3-Dimensional Molecular Acceptors for Efficient Electron Transport Materials
Third-party funded project
Project title 3-Dimensional Molecular Acceptors for Efficient Electron Transport Materials
Principal Investigator(s) Solomek, Tomas
Project Members Huang, Hsin-Hua
Organisation / Research unit Departement Chemie
Project start 01.09.2017
Probable end 31.08.2021
Status Active

The estimates for the energy consumption growth forecast its increase by more than 50% by 2040, in particular due to high demand for energy in rapidly growing economies of the developing countries. The global warming threats leave us no choice but to rely on the production of clean energy, where the solar energy will slowly become our most important source to produce electricity due to its abundance from the sun. The production of electricity must, however, be as cheap as possible to compete with the well-established production of electricity from fossil fuels, such as coal and natural gas. This requires implementation of inexpensive and environmentally friendly materials into solar cells. In this regard, organic materials offer the solution because they can be produced cheaply on a large scale. The problem with organic photovoltaic devices is, however, their low power conversion efficiency, which is a consequence of the short exciton-diffusion lengths and imbalanced charge transport in organic materials with lower mobility of electrons than that of holes. Simultaneously, the best performing electron-transporting materials in organic solar cells, namely, fullerenes, absorb visible light poorly, are hard to modify, and expensive to produce.In this research proposal, the synthesis and experimental investigation of shape-persistent macrocycles, covalent organic cages, and nanotubes with built-in molecular electron acceptors is described. The symmetric spatial arrangement of these molecules, and the control of the mutual distance and orientation of the acceptor units will allow to study the charge photogeneration and the subsequent transport of electrons in the materials incorporating them as a function of relatively few structural parameters. The unique shape of the proposed macrocycles will, in addition, allow to grow highly crystalline materials for charge transport in solution or on surfaces. In combination with the facile synthesis, tunable light absorption, electronic, and solid-state properties of these molecules, the macrocycles, cages, and nanotubes will, one day, allow for substituting the fullerenes to make efficient organic solar cells commercially available and competitive with other photovoltaic technologies.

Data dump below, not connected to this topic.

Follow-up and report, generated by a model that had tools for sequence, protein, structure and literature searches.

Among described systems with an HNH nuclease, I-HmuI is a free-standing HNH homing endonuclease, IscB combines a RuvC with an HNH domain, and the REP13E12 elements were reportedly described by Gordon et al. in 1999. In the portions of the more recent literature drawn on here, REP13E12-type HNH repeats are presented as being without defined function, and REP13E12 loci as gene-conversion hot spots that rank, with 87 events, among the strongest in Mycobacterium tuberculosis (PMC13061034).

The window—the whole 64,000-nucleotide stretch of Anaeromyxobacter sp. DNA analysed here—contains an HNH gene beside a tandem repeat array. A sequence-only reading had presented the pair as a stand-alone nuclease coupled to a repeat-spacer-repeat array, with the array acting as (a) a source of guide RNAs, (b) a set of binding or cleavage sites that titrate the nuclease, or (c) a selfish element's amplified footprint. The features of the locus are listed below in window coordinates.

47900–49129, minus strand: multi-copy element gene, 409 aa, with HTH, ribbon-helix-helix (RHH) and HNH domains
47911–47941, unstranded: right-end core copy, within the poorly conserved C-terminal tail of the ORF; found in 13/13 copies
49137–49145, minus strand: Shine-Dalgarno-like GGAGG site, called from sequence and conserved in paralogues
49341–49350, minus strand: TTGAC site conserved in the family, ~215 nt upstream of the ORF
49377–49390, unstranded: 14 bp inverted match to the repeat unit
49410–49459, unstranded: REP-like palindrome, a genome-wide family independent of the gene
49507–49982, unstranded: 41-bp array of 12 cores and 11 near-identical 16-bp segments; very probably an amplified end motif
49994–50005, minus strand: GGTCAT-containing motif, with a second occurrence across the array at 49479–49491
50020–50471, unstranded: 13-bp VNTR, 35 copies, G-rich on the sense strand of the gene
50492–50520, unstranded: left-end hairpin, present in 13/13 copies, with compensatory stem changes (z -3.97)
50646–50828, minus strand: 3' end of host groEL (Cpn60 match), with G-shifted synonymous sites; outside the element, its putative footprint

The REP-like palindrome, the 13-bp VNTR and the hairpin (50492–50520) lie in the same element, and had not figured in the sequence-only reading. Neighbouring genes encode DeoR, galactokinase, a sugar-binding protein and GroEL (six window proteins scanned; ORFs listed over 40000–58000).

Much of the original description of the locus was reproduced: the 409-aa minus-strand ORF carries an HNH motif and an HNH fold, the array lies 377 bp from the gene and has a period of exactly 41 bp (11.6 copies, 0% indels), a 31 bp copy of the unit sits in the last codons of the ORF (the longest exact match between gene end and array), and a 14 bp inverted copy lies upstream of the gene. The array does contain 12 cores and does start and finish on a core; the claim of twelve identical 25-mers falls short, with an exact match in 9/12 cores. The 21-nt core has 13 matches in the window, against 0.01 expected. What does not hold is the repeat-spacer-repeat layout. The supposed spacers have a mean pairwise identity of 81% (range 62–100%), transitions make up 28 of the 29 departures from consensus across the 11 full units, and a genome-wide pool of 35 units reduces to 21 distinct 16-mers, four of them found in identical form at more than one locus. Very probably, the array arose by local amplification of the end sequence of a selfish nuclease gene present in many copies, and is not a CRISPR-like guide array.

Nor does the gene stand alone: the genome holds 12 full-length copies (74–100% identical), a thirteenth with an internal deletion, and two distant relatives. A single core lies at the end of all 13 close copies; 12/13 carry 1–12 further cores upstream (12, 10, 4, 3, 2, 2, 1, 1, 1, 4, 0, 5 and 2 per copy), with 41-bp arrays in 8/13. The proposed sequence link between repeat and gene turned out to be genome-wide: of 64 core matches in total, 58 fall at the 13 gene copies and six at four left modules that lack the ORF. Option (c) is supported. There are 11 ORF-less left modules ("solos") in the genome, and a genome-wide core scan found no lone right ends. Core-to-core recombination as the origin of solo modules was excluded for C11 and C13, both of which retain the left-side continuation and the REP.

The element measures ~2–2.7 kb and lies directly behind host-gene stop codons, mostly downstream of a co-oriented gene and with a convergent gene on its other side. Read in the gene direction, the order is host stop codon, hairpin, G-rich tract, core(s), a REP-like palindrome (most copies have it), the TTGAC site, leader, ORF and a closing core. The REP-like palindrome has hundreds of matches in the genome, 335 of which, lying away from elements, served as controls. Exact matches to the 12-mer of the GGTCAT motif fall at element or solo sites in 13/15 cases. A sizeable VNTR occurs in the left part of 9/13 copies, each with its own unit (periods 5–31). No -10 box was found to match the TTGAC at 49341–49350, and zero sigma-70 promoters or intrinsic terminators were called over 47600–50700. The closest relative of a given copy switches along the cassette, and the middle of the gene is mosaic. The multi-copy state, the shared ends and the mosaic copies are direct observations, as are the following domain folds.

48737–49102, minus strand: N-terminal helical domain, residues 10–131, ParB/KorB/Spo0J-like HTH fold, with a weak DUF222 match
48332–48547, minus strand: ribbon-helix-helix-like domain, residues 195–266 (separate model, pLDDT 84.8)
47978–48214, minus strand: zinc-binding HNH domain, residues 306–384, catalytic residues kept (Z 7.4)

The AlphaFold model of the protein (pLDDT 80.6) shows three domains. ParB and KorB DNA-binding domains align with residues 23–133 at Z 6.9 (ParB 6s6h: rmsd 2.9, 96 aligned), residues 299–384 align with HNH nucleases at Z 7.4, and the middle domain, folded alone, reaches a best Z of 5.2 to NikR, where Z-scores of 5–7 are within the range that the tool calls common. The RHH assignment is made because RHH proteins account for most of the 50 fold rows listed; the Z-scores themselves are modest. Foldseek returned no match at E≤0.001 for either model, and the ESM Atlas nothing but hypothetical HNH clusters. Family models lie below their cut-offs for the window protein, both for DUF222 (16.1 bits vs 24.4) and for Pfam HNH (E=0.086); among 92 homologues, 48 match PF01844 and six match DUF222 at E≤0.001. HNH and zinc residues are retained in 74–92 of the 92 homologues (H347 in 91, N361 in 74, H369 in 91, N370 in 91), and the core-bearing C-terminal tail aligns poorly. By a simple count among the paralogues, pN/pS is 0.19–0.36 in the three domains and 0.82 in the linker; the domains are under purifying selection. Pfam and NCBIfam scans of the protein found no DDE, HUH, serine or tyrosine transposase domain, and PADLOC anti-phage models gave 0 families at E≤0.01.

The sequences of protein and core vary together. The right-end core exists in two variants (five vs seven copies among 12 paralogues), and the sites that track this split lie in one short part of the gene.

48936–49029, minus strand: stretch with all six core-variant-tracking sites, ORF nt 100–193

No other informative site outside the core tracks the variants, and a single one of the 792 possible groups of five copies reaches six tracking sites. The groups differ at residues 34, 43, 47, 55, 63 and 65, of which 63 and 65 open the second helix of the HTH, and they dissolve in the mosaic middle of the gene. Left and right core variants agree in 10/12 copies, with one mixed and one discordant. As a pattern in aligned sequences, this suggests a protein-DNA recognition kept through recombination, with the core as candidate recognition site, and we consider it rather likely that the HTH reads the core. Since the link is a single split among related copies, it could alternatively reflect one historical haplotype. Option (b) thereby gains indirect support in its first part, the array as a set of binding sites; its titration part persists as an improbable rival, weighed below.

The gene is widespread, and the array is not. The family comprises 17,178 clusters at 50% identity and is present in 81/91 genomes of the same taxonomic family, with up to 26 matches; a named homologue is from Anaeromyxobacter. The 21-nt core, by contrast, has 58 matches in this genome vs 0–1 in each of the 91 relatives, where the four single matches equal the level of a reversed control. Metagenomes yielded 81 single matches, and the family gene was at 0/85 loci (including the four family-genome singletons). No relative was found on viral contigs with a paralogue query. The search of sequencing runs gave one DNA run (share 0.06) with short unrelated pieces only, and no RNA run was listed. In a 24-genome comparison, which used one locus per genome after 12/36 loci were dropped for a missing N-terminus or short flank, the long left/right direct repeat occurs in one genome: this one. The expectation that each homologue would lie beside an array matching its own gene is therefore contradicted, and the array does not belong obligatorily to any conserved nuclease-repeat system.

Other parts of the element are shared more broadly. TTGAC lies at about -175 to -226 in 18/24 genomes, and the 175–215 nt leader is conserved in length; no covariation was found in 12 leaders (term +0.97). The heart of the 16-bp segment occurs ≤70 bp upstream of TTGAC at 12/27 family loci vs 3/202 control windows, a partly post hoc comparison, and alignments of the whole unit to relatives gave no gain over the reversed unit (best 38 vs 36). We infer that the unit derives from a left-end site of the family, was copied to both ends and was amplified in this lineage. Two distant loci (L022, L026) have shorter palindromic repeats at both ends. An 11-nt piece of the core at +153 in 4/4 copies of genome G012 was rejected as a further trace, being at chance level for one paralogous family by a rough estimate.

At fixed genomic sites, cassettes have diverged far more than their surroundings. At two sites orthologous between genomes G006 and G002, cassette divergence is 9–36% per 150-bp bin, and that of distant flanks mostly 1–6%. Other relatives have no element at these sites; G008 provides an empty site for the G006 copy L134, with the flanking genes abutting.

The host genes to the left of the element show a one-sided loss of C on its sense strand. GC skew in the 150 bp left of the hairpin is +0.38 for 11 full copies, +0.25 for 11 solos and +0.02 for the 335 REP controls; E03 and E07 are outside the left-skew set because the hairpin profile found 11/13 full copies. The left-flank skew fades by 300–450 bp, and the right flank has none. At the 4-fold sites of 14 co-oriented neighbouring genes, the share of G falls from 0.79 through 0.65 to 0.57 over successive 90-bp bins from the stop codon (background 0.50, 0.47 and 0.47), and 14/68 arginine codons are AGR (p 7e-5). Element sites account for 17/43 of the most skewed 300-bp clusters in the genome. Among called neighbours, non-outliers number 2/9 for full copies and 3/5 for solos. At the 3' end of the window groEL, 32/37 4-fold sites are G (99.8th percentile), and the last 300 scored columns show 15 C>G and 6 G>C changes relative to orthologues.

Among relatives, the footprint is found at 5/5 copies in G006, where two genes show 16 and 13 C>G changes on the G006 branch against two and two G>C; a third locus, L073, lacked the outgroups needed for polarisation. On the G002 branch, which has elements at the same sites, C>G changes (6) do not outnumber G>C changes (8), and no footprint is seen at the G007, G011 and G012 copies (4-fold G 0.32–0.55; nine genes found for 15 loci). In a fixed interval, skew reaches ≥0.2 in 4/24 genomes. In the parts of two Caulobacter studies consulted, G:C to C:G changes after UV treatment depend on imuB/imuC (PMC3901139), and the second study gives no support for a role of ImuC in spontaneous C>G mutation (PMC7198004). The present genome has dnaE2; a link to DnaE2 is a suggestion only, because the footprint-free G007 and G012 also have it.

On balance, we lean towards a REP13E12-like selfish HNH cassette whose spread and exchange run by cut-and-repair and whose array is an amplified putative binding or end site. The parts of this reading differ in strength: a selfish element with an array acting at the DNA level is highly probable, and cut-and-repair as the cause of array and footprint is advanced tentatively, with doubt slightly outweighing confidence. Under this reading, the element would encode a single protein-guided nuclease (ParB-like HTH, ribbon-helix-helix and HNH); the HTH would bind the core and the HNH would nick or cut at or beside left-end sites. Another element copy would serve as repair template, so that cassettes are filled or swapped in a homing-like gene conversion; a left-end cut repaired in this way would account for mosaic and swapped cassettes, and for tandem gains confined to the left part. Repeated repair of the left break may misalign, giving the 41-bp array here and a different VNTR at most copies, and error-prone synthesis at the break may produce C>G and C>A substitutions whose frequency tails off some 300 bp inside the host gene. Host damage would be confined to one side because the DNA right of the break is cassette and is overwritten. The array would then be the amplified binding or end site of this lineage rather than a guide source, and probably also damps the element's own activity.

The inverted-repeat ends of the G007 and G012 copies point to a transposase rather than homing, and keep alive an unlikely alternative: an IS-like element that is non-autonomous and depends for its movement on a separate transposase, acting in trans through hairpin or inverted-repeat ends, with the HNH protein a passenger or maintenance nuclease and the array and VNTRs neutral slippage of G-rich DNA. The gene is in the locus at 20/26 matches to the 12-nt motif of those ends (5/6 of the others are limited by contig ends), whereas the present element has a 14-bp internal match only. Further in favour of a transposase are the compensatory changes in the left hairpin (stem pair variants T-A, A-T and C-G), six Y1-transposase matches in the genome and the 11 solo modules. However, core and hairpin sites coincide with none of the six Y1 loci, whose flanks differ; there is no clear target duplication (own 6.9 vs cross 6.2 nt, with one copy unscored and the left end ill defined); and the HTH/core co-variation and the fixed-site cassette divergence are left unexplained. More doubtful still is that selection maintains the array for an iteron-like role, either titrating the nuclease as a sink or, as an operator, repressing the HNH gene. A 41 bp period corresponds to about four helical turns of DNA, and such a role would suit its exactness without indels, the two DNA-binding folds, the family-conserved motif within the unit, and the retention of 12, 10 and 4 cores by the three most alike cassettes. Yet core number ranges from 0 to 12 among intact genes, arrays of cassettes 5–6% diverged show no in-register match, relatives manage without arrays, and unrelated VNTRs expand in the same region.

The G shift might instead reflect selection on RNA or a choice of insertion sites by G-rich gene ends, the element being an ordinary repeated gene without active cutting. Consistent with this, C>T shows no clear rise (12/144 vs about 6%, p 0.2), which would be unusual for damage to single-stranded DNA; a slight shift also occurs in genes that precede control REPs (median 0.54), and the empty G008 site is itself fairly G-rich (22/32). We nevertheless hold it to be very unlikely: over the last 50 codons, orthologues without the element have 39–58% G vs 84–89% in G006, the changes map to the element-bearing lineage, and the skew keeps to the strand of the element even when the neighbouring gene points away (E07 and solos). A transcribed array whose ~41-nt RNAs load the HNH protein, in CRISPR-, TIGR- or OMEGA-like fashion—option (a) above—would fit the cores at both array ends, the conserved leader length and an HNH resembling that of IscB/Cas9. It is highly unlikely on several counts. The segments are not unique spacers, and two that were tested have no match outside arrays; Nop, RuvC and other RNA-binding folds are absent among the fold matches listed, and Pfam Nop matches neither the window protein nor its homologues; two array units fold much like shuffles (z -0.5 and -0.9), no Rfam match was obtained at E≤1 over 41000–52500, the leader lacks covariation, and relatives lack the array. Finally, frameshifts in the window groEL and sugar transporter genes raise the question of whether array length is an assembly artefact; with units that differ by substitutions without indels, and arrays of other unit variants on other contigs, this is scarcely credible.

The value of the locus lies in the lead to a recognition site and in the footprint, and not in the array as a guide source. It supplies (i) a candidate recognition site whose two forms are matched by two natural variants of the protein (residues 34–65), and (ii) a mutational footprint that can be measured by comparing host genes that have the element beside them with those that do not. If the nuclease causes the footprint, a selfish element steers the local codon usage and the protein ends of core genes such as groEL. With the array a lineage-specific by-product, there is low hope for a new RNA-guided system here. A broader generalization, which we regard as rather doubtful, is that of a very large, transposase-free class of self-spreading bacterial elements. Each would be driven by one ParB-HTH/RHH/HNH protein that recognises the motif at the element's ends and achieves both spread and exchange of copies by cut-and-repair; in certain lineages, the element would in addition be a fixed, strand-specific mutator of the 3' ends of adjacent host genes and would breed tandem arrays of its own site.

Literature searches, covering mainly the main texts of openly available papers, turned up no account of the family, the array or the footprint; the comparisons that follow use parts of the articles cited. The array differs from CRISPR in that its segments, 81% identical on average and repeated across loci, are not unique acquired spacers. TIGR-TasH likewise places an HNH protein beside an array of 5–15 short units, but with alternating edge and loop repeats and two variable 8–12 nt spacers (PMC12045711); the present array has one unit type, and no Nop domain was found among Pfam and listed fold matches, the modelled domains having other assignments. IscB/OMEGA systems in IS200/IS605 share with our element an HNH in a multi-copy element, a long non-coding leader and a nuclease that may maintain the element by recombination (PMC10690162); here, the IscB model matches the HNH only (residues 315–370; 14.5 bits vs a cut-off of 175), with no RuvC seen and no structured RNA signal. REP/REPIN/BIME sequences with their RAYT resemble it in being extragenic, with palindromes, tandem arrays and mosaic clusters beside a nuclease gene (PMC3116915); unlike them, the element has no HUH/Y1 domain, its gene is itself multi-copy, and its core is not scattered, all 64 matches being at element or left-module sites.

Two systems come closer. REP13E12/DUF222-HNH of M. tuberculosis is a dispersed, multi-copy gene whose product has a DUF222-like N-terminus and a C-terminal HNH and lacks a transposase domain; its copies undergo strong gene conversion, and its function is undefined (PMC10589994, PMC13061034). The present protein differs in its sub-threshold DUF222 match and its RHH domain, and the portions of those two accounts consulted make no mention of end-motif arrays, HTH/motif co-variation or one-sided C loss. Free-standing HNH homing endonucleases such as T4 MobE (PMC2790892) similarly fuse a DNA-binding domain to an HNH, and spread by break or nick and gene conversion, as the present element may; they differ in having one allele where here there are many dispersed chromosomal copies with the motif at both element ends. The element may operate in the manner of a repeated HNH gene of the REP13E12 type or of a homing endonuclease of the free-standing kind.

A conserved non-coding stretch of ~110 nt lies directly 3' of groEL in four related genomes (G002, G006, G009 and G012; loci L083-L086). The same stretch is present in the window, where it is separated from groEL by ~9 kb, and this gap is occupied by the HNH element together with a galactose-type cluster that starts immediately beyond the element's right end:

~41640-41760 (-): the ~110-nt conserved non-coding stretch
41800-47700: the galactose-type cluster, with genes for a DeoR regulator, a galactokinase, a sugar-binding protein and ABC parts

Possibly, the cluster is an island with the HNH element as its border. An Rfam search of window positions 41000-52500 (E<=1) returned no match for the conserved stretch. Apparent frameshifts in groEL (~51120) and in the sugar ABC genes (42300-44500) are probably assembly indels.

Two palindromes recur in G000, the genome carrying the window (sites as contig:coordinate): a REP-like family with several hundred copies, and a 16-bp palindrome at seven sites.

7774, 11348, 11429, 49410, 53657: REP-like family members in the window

Keywords time-resolved spectroscopy; molecular cages and molecular nanotubes; organic thin films; electron paramagnetic resonance spectroscopy; organic photovoltaic devices; covalent organic frameworks; organic synthesis; electron transport; crystal growth
Financed by Swiss National Science Foundation (SNSF)

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